I’m struck again and again by how hard each parent I know tries to do well by his child. We make great efforts, moment by moment and day by day. Once the efforts begin, we never stop caring. We never stop trying. We never stop noticing how we’re doing. And we frequently worry about how our children are doing.
Parents seldom stand back and say, “Gee, it’s going well! Isn’t she going to turn out nicely!” “How strong and loving he is!” “They’re bound to turn out just fine!”
Matter of fact, most of us can’t say that we’re ever really sure that our children are going to be fine. And some of the time, we can’t say that we’re going to be fine, either. We push forward so often on low energy, little information, not much help, and too little patience, especially for ourselves.
Parenting is hard work
Nurturing our children is wonderful, deeply moving, thoroughly challenging, and difficult. These are just some of the challenges we face.
- We expect ourselves to be naturally good at a job we haven’t been trained, mentored, or prepared to do.
- It takes a lot of attention to stay flexible and patient with a young child for even a couple of hours.
- There are no “second string” players to call in when we are worn or sick or don’t know what to do.
- Children have lots of feelings every day, and very few of us grownups have ever been clued in as to what to do with human emotion. Our only training has been to suppress feelings, and that tactic doesn’t work well with children, or with us. Feelings come squirting out anyhow.
- Our children have very high expectations of us and of life in general. We sense those high expectations, meet them as often as we can, and feel badly when we hit a hard patch.
- Most of us didn’t receive the quality of attention and generosity that we’re trying to give to our children.
And still, parenting is the wonderful sweet center of our lives, and our love. Our children love us deeply, long to be with us, and see how special we are. They beckon us into play and fun that we wouldn’t otherwise think to have. They give us permission to be silly, to be sweet, to be tender. They give us permission to love without limit. And we do. They thrive on our love. The relationships we build with them are precious.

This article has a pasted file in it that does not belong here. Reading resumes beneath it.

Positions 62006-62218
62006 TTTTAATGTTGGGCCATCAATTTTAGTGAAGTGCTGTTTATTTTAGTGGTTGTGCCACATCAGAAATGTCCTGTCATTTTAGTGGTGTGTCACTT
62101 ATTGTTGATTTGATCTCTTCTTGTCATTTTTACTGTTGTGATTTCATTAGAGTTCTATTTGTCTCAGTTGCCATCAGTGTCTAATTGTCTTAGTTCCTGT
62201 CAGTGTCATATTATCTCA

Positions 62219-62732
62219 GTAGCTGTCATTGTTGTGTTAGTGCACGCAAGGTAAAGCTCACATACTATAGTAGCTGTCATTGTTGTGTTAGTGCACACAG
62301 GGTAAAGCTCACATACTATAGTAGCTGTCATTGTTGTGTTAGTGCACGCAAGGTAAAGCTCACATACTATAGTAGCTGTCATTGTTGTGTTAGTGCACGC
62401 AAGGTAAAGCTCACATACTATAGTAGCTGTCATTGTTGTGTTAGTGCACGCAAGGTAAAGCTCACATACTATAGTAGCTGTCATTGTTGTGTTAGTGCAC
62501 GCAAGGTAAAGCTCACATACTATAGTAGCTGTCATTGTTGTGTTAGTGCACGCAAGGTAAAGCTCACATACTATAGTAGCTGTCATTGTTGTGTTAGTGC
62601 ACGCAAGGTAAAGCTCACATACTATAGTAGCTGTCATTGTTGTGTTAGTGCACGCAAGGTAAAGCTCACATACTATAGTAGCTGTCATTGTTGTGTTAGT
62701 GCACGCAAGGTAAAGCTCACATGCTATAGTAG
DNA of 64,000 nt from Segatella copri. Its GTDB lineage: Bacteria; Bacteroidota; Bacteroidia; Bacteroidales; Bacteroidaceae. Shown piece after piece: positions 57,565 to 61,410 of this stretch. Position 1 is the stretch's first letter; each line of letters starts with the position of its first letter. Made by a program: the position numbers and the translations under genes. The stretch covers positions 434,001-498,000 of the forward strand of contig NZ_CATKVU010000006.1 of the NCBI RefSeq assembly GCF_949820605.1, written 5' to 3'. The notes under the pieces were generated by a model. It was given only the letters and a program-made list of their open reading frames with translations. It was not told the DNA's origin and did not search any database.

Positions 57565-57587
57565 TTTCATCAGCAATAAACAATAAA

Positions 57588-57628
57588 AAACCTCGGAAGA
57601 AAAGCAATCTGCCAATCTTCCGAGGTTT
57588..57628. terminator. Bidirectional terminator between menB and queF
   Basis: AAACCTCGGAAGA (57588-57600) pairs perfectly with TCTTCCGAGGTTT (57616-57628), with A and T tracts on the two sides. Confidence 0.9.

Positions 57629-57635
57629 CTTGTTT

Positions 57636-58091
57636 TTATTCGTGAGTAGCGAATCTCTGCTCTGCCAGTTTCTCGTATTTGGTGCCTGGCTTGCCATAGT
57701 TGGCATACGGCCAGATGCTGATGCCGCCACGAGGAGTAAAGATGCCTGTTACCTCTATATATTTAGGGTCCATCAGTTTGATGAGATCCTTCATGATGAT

Breaking the grip of exhaustion
Here are a few thoughts about what helps the cycle of worry and exhaustion that can weigh us down, and erode our enjoyment of mother- and fatherhood.
- You deserve help. Don’t stop working to organize it! Family, friends, and other parents of young children all can provide a welcome break, or a word of encouragement about how your child is doing.
- You don’t deserve anyone’s criticism. Spoken and unspoken judgment can weigh on our hearts and minds, and wear us down over time. And parents are open targets in a way that would be unheard of for members of groups that have organized to protect their interests as a group. No one would think of going up to a senior citizen who was using a walker, and tell him that he should be doing his walking some other way. But people don’t think twice about giving a disapproving glance or a piece of their mind to a parent whose child is whining in public. You don’t have to accept poor treatment. You can set limits with other grownups. You have the right to take the stance that, “This isn’t an easy day, and I’m doing the best that I can. If you want to help me, I’ll tell you what I’d like you to do. If you are not going to help, then I ask you to keep your thoughts to yourself.”